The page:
Once everyone is assembled, we meet the show’s MCs: actress Lee Dahee and TV personality Jang Sungkyu (the same hosts for Queendom). They start out by explaining the meanings behind a set of numbers that each group was given, which basically summarizes the whole show. There are 7 teams taking part, and they will have 4 missions including the finale – which will be a live broadcast. And… there will be 2 eliminations. That’s right: unlike Queendom, only five groups will get to perform in the finale. One team will be eliminated after the second mission, and one after the third. Naturally, no one is very happy upon hearing this news. The final number indicates that there will be 1 winner, aka the team who accumulates the most points throughout the show. But there’s a potential twist! The team who earns the most votes during the live broadcast will also earn a spot on Kingdom, so it’s possible there could be two groups who win. However, if one team has the most points overall AND on the live broadcast, then they will be considered the sole winner.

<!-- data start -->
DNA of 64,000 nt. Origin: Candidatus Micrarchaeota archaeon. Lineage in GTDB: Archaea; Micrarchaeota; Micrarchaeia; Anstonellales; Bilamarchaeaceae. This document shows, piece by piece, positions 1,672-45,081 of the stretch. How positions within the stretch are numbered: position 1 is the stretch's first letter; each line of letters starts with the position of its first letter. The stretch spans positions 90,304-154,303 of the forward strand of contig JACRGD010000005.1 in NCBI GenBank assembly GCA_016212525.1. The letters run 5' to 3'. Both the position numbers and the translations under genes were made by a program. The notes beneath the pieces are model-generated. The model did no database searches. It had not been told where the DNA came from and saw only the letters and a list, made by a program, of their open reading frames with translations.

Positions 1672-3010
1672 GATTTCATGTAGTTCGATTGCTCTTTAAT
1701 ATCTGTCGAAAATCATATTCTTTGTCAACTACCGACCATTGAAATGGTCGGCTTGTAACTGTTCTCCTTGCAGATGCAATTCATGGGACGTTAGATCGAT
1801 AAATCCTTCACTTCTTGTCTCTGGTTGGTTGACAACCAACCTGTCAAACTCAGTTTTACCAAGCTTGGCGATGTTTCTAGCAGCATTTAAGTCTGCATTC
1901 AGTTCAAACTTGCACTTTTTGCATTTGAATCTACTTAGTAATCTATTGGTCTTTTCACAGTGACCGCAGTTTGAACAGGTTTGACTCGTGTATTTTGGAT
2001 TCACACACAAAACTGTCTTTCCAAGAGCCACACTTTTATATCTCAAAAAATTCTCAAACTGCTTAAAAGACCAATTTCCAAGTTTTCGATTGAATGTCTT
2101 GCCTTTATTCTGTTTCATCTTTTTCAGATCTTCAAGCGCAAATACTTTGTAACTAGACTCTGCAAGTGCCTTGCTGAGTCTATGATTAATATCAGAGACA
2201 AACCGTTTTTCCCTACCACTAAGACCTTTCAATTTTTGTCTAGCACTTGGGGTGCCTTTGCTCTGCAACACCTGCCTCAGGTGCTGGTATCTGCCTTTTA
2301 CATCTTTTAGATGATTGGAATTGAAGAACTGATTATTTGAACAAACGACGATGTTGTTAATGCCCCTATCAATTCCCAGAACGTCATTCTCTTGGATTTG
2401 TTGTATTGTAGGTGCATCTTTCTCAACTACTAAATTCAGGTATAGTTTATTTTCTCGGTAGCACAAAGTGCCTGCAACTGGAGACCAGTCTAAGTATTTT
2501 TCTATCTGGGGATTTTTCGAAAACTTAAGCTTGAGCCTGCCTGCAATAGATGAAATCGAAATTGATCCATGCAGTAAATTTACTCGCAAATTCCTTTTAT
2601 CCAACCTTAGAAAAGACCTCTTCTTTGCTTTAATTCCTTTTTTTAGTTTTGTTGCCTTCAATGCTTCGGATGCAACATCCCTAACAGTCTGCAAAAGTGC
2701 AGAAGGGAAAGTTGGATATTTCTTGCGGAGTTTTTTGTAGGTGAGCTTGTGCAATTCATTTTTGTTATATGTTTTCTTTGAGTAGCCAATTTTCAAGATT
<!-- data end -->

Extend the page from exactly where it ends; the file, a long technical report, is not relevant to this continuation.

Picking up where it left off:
The last number, 90, represents their first (unofficial) mission. All of the groups have been asked to prepare a 90 second performance that best describes their team and their image. There is no decided order; basically, whoever stands up first can go. Both ONEUS and TOO pop up, but ONEUS yields when TOO says they want to go first because they fear getting distracted by their seniors later on. It’s a nice gesture, but one that ultimately comes back to bite them when they end up going dead last. (I actually really felt bad about that.)
Next Page: The 90 Second Performances